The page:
By Tushar Singh
For many decades Dr BR Ambedkar has been ‘owned’ and ‘disowned’ by different political parties according to what suited their narrow political interests. Indian politicians have conveniently tried to both diminish and enlarge on the legacy of BR Ambedkar ever since his death on 6 December 1956. Today, we see his name being evoked in most election campaigns—most recently in Gujarat—by every political party that wants to win the votes of the ‘depressed classes’, as they were called during much of Ambedkar’s life.
On one hand, Ambedkar is celebrated by those who feel that he brought dignity and equality into their lives, while on the other hand, he is blamed by those who had to give up their privileges. Regardless of whether or not the concept of caste-based reservation, as put forward by Ambedkar, is still relevant, one cannot deny that BR Ambedkar made a permanent mark on India’s thousand-year-old political, social and religious culture.
The originator of many relevant admonitions
Mostly renowned for the role he played in the fight for Dalit rights and writing the Indian Constitution, Babasaheb Ambedkar’s legacy encompasses more than just those two accomplishments. Indeed, many of Ambedkar’s sayings have increased in relevance through India’s post-independence journey and have great significance for today’s generation:
- “If I find the Constitution being misused, I shall be the first to burn it.” Ambedkar’s warning against the misuse of the Constitution came after he led many thousands of Dalits in a formal burning of the Hindu holy book the Manusmriti which, according to Ambedkar, sanctioned the practice of untouchability and caste discrimination. When asked, while presenting the newly drafted constitution, if he was happy with his work, his reply was that that would depend on how the future leaders used it. One wonders what Ambedkar’s reaction would have been in 1975 when Indira Gandhi used the constitution to suspend India’s democracy and imposed emergency government for 21 months.
- “I like the religion that teaches liberty, equality and fraternity.” BR Ambedkar famously said that, even though he was born a Hindu, he will not die as one. He converted to Buddhism citing the tyrannical attitudes that he believed Hinduism had promoted towards the Dalits. Today he is considered a Bodhisattva by many Dalits who themselves converted to Buddhism, following his example. Today, while anger among the upper caste against the reservation rate of 49% continues to grow, we need to ask ourselves whether we have really resolved the issue of intolerance after 70 years. Constant reports of Dalits being lynched are a reminder that Hinduism, no matter how beautiful and insightful it is, can bring with it certain prejudices which betray the values of liberty and equality that Ambedkar believed in. The rise of extremism in all religions should serve as a demonstration that the world will only be peaceful if humans accept that religion is about peace and equality, and never about domination or superiority.
- “I measure the progress of women by the degree of progress which women have achieved.” BR Ambedkar sought to give Hindu women property rights and an equal status in marriage by introducing the Hindu Code Bill when he was the Minister of Law. His dream was to ensure that the patriarchal hierarchy in our religious society is broken by means of legislation and social uplifting. However, one of his biggest failures is that he failed to introduce a uniform civil code which removed legal gender-based discrimination. Even though he did say, “the relationship between husband and wife should be one of closest friends”, the fact that it is only recently that the Triple Talaq has been abolished and polygamy is still practised by some Muslims is a testimony to his failure.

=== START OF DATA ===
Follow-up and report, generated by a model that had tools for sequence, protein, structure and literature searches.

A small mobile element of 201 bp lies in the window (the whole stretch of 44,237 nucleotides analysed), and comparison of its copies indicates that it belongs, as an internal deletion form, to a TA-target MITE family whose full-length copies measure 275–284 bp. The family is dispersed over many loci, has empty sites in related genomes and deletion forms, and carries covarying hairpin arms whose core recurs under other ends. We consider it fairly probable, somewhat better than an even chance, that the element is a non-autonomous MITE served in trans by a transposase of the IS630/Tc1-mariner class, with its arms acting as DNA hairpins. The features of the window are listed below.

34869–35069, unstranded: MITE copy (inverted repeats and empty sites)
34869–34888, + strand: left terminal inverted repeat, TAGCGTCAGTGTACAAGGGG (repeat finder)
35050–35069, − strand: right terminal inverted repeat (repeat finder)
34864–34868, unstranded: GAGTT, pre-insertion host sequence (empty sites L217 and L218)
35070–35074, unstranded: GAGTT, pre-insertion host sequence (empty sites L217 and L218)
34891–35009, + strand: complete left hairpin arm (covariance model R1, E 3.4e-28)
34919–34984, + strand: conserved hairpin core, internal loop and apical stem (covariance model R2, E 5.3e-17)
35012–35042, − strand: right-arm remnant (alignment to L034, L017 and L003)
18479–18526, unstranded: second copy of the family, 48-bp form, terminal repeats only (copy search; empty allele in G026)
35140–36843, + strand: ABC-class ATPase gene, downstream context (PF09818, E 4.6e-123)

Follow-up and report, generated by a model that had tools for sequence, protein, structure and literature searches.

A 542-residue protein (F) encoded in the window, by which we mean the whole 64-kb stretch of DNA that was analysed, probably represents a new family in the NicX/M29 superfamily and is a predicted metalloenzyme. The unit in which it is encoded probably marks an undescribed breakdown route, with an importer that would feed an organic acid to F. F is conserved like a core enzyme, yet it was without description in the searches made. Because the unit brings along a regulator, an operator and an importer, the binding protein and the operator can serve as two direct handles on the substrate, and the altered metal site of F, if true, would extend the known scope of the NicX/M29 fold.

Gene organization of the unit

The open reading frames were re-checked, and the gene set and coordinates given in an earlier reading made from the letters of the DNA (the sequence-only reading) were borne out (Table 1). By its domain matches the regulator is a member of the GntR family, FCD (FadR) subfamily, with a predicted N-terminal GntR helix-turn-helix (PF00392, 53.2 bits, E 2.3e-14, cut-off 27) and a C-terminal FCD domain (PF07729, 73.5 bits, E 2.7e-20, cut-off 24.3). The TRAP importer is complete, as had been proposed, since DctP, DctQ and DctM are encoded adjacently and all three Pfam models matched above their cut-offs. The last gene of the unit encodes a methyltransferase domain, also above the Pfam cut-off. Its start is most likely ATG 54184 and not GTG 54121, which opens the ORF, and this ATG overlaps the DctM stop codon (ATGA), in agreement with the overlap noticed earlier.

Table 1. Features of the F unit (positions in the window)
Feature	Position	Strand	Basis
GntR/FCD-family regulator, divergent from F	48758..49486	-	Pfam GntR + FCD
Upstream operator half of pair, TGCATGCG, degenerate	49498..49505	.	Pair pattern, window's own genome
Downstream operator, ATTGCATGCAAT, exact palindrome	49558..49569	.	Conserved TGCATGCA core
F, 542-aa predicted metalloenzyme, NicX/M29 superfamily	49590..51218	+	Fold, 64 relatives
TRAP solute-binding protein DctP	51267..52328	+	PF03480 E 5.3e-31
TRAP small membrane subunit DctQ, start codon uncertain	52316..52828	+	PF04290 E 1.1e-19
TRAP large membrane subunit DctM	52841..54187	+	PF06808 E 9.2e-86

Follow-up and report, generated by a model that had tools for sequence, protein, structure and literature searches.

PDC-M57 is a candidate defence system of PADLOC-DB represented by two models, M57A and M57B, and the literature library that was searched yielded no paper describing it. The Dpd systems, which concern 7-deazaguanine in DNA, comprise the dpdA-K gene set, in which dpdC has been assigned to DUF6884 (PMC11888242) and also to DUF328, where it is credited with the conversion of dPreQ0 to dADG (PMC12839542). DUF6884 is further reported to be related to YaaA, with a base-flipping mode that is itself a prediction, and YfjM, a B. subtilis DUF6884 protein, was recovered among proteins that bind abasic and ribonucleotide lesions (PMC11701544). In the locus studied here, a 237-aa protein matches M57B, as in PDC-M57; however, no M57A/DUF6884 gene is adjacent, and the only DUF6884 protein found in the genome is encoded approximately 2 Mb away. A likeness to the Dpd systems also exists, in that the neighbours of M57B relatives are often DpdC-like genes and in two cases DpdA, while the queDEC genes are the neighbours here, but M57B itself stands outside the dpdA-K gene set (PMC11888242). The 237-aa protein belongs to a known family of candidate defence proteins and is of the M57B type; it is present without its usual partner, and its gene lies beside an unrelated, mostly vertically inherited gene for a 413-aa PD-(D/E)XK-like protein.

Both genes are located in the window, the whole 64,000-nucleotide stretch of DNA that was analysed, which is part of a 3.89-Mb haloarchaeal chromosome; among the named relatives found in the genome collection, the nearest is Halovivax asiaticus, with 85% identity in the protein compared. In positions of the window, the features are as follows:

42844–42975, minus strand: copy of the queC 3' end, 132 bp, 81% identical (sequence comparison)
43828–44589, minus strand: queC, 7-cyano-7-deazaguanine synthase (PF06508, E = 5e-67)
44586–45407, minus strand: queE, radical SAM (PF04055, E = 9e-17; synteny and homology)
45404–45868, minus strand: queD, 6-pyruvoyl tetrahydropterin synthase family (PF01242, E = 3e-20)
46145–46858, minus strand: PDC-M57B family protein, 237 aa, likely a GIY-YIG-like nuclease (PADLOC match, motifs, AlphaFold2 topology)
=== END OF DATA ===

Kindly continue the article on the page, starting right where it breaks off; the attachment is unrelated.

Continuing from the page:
- ”In India, ‘Bhakti’ or what is maybe called the path of devotion or hero-worship is a sure road to degradation and eventual dictatorship.” Ambedkar’s fear of demagoguery was prescient, as Indian democracy has often been haunted by demagogic politics since his time. He warned that if leaders are worshipped then any criticism of them will be met with hostility which will inevitably weaken the freedom of speech. In 2017, it is perhaps a good time to ask how relevant Ambedkar sounds when we compare his warnings against the rise of two of the strongest Prime Ministers in our history, Indira Gandhi and Narendra Modi? However, it is ironic that the very person who was opposed to demagoguery has now become the poster figure of all caste-based agitations.
The hopes and fears of BR Ambedkar
It is quite sad that the very person who promoted the idea that “We are Indians, firstly and lastly”, was almost forgotten for many years. It was only in 1990 that BR Ambedkar was given the Bharat Ratna. However, since the Mandal Commission’s report on uplifting the lower castes Ambedkar’s relevance been increasing day by day. From bringing in labour reforms to proposing the creation of the Reserve Bank of India, Ambedkar’s thinking has become an important part of political rhetoric in modern India.
Ambedkar’s thought was not only relevant to issues of caste, he was equally concerned with modernity, but modernity with an Indian spirit. As previously mentioned, Ambedkar’s greatest fear was of India losing her independence again. He did everything he could, for almost all sections of the society, to ensure that everyone enjoyed freedom within a free India. He expressed his hopes and fears for the future of the country at the time of its independence:
“On 26th January 1950, India will be an independent country. What would happen to her independence? Will she maintain or will she lose it again? What perturbs me greatly is the fact that not only India has once before lost her independence, but she lost it by treachery of some of her own people…”
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